Biofeedback for Functional Constipation
07/05/06 05:46 PM
Biofeedback. Hu and colleagues evaluated the role of biofeedback in patients with functional constipation. In this prospectively designed study, patients meeting the Rome II criteria for chronic constipation were randomized to a usual care group (lifestyle and dietary recommendations along with general advice) or a biofeedback group (usual care and 6 sessions of biofeedback for presumed pelvic floor dysfunction every 2 weeks). Sixty patients entered the study and were randomly and equally assigned to 1 of the 2 treatment groups (95% women; mean age = 44 years).
Patients were not stratified on the basis of symptoms and neither anorectal manometry nor balloon expulsion testing were performed. After treatment, the number of complete spontaneous bowel movements increased in both groups to similar frequencies (1.3 per week at baseline to 2.5 per week). However, the biofeedback group had a significant reduction in straining, feelings of incomplete evacuation, bloating, and laxative use (P values not provided). The results of this study are intriguing because they support the view that pelvic floor dysfunction is a significant cause of constipation, either alone or in conjunction with normal-transit or slow-transit constipation. Thus, a treatment program for presumed pelvic floor dysfunction can yield significant benefits without the need to objectively measure patients using anorectal manometry.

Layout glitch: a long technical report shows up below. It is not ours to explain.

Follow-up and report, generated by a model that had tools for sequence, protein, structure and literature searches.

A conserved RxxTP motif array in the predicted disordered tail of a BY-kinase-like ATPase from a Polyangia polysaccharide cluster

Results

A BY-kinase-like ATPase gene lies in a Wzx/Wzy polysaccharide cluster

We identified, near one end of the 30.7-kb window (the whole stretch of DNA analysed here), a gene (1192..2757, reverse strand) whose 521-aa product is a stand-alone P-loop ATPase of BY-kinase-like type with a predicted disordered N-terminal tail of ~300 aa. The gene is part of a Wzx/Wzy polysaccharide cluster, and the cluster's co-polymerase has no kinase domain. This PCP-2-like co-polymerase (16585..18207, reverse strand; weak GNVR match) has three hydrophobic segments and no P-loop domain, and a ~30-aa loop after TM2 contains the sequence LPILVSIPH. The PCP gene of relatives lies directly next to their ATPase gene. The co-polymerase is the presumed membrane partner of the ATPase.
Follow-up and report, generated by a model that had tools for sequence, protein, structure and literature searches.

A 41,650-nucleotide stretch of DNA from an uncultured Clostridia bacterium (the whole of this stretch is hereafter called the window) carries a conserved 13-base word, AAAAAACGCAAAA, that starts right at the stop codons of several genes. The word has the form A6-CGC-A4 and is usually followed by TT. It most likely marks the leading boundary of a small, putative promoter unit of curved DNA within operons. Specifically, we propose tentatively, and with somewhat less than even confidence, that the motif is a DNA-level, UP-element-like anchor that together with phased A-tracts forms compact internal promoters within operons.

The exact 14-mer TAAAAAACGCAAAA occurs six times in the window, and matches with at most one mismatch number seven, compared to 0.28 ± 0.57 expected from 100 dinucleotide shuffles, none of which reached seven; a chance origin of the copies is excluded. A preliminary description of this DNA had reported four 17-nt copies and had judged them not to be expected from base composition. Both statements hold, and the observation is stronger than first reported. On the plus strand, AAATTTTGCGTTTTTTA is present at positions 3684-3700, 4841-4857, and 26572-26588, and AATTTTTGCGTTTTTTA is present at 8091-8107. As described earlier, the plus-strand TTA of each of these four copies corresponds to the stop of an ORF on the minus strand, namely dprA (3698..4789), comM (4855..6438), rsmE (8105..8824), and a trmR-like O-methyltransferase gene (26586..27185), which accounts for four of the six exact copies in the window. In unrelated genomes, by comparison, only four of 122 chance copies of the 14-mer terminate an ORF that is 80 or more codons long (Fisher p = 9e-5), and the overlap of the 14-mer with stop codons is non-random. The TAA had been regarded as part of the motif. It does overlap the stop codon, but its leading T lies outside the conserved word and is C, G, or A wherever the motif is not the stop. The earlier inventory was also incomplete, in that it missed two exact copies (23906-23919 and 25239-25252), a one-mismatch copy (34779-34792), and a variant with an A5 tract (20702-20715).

Hu WH, Li JH, Chan AO, Wong NY, Wong SH, Hui WM. Biofeedback is an effective treatment for functional constipation: a randomized controlled study. Gastroenterology. 2006;130:A-287. [#S1931]